22. JackHorzempa

    JackHorzempa Poo-Bah (3,712) Dec 15, 2005 Pennsylvania

    Did it remind you of Pine-Sol at all?


    P.S. While I have your attention let me regal you with a story. A few years ago a friend was thrown by his family (and significant other) a 50th birthday party. I remembered him telling me prior that he loved the smell of Pine-Sol so as a gag gift I bought him a bottle of Pine-Sol.
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  23. GormBrewhouse

    GormBrewhouse Disciple (393) Jun 24, 2015 Vermont

    Good gift.

    Honestly I really only remember that it had a pitch/sap taste that stayed in your mouth long after the swallow had occurred.

    Pine sol ,,,, I just can't say.

    Just don't dump a pint of tips in at 60 , hahahahahah
  24. GreenKrusty101

    GreenKrusty101 Crusader (730) Dec 4, 2008 Nevada

    I know this is a Homebrewing forum, but Hey, both you guyz need to pick up a Ballast Point Spruce Tip IPA and report back on whether you think it tastes like Pine Sol :grin:

    Surely it is available where you are because it is owned by InBev :sunglasses:
  25. Ten_SeventySix_Brewhouse

    Ten_SeventySix_Brewhouse Initiate (130) Jul 20, 2016 Arizona

    Not sure if you’re trolling, since everyone seems to think that buyout=AB InBev, so I’ll say it just in case: Ballast Point is owned by Constellation. :yum:

    Either way, your point stands, as it should be available pretty much nationwide. Actually, that’s actually a Sculpin variant I wouldn’t mind trying. Should I not?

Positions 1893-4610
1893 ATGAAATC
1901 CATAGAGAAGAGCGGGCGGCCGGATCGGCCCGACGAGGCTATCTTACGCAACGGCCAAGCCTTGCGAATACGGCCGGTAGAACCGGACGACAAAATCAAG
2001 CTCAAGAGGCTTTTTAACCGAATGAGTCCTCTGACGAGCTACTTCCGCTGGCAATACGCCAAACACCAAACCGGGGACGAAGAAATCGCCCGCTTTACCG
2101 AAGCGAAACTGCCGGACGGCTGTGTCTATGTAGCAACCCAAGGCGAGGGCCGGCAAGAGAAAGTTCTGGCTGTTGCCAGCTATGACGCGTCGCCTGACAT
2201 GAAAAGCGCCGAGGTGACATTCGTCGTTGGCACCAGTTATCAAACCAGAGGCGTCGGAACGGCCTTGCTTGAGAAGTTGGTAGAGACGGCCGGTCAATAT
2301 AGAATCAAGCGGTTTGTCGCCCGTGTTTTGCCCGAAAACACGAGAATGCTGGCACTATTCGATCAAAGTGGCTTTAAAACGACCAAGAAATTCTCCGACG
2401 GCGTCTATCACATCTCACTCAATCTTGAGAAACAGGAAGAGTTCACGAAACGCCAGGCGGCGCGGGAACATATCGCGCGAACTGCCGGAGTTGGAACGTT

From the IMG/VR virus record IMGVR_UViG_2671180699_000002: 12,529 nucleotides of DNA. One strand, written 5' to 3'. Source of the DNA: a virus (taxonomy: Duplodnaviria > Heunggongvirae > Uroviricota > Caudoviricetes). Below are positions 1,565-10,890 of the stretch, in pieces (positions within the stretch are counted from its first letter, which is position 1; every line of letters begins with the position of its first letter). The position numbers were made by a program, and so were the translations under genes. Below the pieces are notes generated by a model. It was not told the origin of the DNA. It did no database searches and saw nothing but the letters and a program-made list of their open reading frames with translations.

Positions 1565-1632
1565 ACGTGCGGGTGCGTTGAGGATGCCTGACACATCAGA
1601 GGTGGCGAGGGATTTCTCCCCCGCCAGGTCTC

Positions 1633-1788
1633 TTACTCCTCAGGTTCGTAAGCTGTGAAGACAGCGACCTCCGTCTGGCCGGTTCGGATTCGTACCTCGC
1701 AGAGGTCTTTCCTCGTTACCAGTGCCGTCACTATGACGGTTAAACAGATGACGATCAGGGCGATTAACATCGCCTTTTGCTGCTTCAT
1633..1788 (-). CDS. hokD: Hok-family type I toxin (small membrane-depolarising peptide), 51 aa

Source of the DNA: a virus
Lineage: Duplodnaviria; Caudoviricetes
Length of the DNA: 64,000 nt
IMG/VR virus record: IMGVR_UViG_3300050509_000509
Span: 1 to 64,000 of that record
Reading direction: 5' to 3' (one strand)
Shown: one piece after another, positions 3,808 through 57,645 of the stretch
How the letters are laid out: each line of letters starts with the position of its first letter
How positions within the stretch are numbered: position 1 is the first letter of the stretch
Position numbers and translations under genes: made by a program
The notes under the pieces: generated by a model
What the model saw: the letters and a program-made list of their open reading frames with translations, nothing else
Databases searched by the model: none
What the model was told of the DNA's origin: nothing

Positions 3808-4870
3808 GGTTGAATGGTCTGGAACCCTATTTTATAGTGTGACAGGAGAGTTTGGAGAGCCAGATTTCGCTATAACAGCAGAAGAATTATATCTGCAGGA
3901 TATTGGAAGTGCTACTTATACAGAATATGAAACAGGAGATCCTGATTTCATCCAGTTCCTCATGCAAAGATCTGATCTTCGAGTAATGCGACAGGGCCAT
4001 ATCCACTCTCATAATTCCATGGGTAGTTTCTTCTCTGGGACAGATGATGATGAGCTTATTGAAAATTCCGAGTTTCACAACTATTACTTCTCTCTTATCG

26. JackHorzempa

    JackHorzempa Poo-Bah (3,712) Dec 15, 2005 Pennsylvania

    I already have a 6-pack in my basement. I have not had one yet but I will indeed report on it in an upcoming New Beer Sunday thread where I will tag you and @GormBrewhouse. Spoiler alert! That post will be entitled "It's beginning to look a lot like Christmas!":grin:
    And don't call me Shirley!!:astonished:

  27. GreenKrusty101

    GreenKrusty101 Crusader (730) Dec 4, 2008 Nevada

    You've seen one multi-national've seen them all...can't keep up with all the sales between them :slight_smile:
  28. utahbeerdude

    utahbeerdude Disciple (367) May 2, 2006 Utah

    I essentially did the same for the one Spruce-tip Pale Ale I've made. Picked new Norway Spruce growth, vacuum sealed (for a year, actually), and then added at the end of the boil (don't exactly remember the timing). I believed I used 5 oz for a 5 gallon batch. The young beer had a rather unpleasant finish (I was tempted to dump it), but with some cold conditioning that flavor went away. In the end I had a rather nice beer that my niece claimed was "like drinking a Christmas tree!" Cheers!
    jimboothdesigns and JackHorzempa like this.
  29. chavinparty

    chavinparty Initiate (120) Jan 4, 2015 New Hampshire

  30. jimboothdesigns

    jimboothdesigns Aspirant (261) Nov 1, 2014 Pennsylvania

    Whether they are fresh or older tips, I would not put them in the boil for longer than maybe 5/10 minutes.
    GormBrewhouse and JackHorzempa like this.
  31. riptorn

    riptorn Initiate (95) Apr 26, 2018 North Carolina

    Wish this one was available, but looks like it might have been a one-off.